The Fresh Loaf

News & Information for Amateur Bakers and Artisan Bread Enthusiasts

Whole Wheat Maple Syrup Oat Loaf

Bread1965's picture
Bread1965

Whole Wheat Maple Syrup Oat Loaf

All Is (not) Lost.. first let me say that I'm referring to this weekend's bake and the movie by a similar name - All is Lost with Robert Redford (100% rotten tomatoes in my book).

Last week I made a Honey Oat Loaf with all purpose, bread and a tiny amount of whole-wheat flour. This week I decided to use Canadian maple syrup as the sap is flowing in these parts and amp'd up the whole wheat flour and hydration as I always find that loaf a bit dry to handle. I also thought I should increase the hydration given the increased whole wheat flour content.

I prepared the overnight soaker using 70g flaked oats and 140g boiling water.  And fed my very active starter at the same time with 100% hydration using AP flour. I also gave the flour an overnight on the counter autolyse using 115g bread flour, 90g whole wheat and 20g AP flour (total flour 225g) with 165g of warm water (hydrated to 73%).

Including the water in the oats, the dough hydration was about 135%. I'm not sure if you calculate the hydration differently when using a soaker (anyone?).  

The next morning I combined the soaker, with 20g of maple syrup, 6g salt, 55g of levain and the hydrated flour.  It was pretty soft and sticky so I thew it into the mixer for five minutes at medium until I got a windowpane. The dough was very silky to handle. Over the next three hours I gave it about four stretch and folds. I then let it sit for about six hours until it doubled. I tried to be gentle but it mostly deflated as I poured it onto my bench. It was very tacky so my attempts at a good pre-shape were useless. I decided to pour it into a Pyrex loaf pan and threw it into the fridge.

This morning I brought it to room temp and in total it might have doubled again. I baked with the loaf pan on a pizza stone and added about a cup of hot water into a pan to steam the oven a bit. I baked at 450 for about 35 minutes or so to an internal temp of about 205 degrees. It was a bit tricky to get out of the Pyrex loaf pan and used knife to pry it out - is there a trick to getting a non-stick result in a glass loaf pan when baking a high hydration bread? I'd rather not use grease or the like on the pan. We had some for lunch today. Here she is:

Indeed, all was not lost. I'm surprised it turned out edible at all. The crumb is very soft and not too moist. The whole wheat flavor dominates and I don't get a strong sense of the oats and can't perceive the maple syrup. I would definitely dial back the hydration next time and I would probably double the maple syrup.

Comments

clazar123's picture
clazar123

As for non-stick on glass, I use a homemade mix of vegetable oil and liquid lecithin. No hard and fast measurements-maybe 3 tbsp. oil and 1 tbsp. lecithin. Mix it up and keep it in a jar. Brush liberally on any type of pan. I also throw down a coating of either wheat or oat bran or even oats instead of cornmeal. My fav is oats. Loaves pop right out of the pan and now I have delicious, toasted oats around it. But if you use oats on a non-panned loaf (boule or baguette), the oats NOT under the loaf and sitting on the pan  tends to burn. I always brush away the extra oats or my smoke detector goes off. :)  The lecithin/oil washes off any pan I have ever used with a little dish detergent.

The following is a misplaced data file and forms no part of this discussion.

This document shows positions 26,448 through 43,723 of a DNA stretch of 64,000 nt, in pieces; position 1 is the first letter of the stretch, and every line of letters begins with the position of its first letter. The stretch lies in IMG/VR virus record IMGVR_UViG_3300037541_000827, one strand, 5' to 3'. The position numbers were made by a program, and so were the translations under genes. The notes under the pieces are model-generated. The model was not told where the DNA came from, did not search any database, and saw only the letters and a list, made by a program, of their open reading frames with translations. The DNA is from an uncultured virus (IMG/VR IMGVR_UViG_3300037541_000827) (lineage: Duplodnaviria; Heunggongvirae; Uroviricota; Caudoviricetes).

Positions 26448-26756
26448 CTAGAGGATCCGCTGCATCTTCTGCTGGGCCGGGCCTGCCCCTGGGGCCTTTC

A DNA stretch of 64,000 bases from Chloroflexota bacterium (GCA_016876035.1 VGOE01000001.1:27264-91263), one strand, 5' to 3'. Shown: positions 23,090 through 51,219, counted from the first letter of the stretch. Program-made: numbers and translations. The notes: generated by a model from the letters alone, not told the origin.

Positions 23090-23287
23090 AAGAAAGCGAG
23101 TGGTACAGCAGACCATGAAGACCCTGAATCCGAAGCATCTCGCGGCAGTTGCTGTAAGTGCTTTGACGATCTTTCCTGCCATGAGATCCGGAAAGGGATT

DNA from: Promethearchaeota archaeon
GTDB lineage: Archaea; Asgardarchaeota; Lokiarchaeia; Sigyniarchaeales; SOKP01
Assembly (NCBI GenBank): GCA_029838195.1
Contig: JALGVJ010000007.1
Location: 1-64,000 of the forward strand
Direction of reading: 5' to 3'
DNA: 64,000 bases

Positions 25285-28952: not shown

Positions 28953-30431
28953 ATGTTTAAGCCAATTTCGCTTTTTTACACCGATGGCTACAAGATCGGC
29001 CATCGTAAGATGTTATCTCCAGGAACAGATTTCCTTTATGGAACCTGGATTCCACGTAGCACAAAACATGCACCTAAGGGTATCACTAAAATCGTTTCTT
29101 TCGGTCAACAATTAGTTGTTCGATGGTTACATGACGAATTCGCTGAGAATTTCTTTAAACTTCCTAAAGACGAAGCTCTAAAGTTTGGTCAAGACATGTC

Have fun!

Bread1965's picture
Bread1965

Thanks for the comment. I hadn't heard of lecithin before. Thanks for the advice.. !!

dabrownman's picture
dabrownman

sandwiches and toast.  I use non stick canola cooking spray on all my pans including glass and nothing sticks.  That is some nice bread!  Well done and

Happy baking 

Bread1965's picture
Bread1965

Thanks.. Will do next time!

Danni3ll3's picture
Danni3ll3

Good call to put it in a loaf pan! I wouldn’t have thought of that. And your loaf turned out great. Nice crumb on it!

Next time, instead of prying it out, just turn the whole thing upside down and let it steam itself loose.  I had a loaf get stuck in one of my pots (that’s why I always use parchment paper now), and I destroyed the bread trying to pry it out. The bottom was stuck fast so I just left it and took pictures while I pondered how I was going to clean up the mess. Well, a while later, the whole bottom came loose by itself once it had cooled and the steam had condensed a bit. Now, if I forget the parchment and it sticks, I help it along by turning the pot upside down and it eventually comes loose. 

So to answer your question, you could line the pan with parchment paper.